There are a couple of big department stores in Nagoya. Takashimaya and Meitetsu are located right inside Nagoya Station, Mitsukoshi and Matsuzakaya are the two big department stores in Sakae. They are hard to miss so don’t worry too much about remembering their names.
For more information on food experiences, you can have in Nagoya, read this post.
Supermarkets are another great and way cheaper place to find some foods to take home with you (or consume right away, we are not judging). You can find Japanese sweets, delicious instant food products you can prepare by adding just a couple of fresh ingredients, and of course delicious seasonings like Okonomiyaki and Yakisoba sauce.
You will usually find supermarkets close to every train station in Nagoya. One of the easiest to access to tourists might just be the one located right in the Osu shopping streets. It is a place for locals, but no one will say anything if you pop in and have a look around.
While you are in Osu you might also want to check at Amika Supermarket which is a very convenient place if you are looking for sweets and snacks in large quantities at a reasonable price.
Convenience stores in Japan are, there is no other word for it, convenient. They might just be the best convenience stores in the world with delicious prepared foods like Onigiri (rice balls) and Bentos (lunch boxes) of high quality.
You can find convenience stores in Nagoya at literally every corner so you won’t have a problem with finding them. The biggest brands are Seven-Eleven, Lawson, and Family Stop.
Nagoya Is the Home of Second-Hand. Take Advantage!
If you are looking for something a little bit different to take home with you, how about some second-hand items?
Komehyo is a shop selling nothing but second-hand items. Of course clothing items but also brand items, jewelry and watches, and even musical instruments.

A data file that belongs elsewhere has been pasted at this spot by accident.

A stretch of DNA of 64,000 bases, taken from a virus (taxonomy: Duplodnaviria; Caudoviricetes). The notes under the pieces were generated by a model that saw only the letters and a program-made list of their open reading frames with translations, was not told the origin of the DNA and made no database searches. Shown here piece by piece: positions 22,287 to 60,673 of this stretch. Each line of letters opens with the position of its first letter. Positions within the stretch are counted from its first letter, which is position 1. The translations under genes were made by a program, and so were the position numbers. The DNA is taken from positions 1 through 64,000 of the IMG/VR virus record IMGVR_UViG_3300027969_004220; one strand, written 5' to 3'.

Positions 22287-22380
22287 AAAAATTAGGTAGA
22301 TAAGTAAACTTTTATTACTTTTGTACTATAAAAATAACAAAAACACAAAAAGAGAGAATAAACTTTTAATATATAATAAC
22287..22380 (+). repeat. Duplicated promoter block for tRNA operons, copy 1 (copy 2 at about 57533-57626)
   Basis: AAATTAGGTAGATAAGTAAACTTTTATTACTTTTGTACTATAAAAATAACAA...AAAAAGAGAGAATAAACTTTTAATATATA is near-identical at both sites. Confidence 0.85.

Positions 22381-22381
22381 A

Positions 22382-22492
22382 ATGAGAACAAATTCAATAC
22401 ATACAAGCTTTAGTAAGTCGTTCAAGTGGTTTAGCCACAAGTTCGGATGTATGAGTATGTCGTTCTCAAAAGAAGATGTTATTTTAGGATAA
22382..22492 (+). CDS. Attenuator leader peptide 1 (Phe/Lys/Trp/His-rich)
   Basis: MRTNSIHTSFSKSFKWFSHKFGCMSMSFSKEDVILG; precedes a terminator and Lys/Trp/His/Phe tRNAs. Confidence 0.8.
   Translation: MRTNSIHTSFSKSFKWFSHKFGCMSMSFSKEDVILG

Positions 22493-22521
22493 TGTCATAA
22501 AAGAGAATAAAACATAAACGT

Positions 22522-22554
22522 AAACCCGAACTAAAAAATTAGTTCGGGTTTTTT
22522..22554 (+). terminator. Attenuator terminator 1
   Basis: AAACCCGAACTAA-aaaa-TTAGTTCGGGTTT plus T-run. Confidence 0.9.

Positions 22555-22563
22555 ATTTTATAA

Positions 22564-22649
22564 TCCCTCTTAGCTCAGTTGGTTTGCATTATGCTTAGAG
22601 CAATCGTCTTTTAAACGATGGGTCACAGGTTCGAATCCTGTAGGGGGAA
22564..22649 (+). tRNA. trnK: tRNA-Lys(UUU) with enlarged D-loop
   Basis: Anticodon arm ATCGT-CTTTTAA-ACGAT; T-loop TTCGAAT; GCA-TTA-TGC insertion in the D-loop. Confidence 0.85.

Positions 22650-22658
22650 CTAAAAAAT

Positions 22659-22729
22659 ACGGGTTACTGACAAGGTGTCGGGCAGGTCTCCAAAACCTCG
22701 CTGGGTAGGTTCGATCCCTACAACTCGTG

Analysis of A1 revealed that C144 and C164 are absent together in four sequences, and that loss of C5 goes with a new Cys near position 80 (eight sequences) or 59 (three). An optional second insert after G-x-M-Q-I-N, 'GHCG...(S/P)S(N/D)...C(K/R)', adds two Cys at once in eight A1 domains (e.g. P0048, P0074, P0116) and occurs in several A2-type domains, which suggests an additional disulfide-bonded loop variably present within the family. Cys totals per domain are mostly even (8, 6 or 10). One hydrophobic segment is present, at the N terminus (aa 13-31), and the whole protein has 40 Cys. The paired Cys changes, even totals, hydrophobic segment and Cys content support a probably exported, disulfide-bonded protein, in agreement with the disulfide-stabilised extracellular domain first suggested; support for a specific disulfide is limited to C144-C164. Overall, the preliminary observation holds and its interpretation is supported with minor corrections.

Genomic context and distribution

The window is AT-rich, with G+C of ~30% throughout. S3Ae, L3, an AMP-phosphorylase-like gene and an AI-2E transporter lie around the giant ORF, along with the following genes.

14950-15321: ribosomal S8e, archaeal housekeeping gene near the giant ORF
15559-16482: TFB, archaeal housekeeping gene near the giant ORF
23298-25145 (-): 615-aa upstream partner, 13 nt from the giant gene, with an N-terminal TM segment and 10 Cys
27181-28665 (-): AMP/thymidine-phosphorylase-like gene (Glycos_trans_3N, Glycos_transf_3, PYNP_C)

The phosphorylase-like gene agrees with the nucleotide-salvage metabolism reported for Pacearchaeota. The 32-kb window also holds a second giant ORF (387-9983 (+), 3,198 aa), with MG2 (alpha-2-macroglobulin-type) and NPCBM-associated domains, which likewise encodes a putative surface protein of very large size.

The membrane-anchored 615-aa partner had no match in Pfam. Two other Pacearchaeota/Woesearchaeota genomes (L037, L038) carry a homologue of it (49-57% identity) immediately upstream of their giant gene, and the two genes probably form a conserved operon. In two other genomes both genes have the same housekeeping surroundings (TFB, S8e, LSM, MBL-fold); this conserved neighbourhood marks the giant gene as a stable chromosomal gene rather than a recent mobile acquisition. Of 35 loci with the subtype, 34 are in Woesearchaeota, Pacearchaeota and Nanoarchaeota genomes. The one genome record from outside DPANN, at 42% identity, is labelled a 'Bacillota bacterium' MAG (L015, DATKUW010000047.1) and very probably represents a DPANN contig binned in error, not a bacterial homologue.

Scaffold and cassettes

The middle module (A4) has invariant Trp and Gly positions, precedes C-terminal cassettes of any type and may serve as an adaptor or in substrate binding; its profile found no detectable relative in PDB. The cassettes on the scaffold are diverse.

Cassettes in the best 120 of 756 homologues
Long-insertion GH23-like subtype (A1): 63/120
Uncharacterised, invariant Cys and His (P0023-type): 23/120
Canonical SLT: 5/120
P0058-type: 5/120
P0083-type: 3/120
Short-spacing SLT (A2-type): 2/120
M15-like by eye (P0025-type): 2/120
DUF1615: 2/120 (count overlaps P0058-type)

Their main store is located in Osu, where they have two other stores as well, one specialized in second-hand Kimono, and one specialized in cheap clothing you buy by weight.
Komehyo is a famous shop in Nagoya and many domestic tourists like checking it out looking for a bargain.
If it should be even older, and even cheaper, head to the Osu Kannon Antique Market taking place twice a month on the 18th and 28th. It’s a pleasure strolling around the tents looking at items that might be treasure or junk, sometimes it is very hard to tell. At many of the stalls, you will find second-hand Kimono.
Bargaining is part of the fun, and even if you don’t speak Japanese the sellers will find a way to bargain with you.
100 Yen per Item. It’s Almost Too Good to Be True.
100 yen shops have almost nothing in common with the dollar shops and euro shops in America and Europe. They are bright, clean, and stocked with high-quality products, and incredibly useful goods for the household. At 100 yen apiece, which isn’t even one US dollar.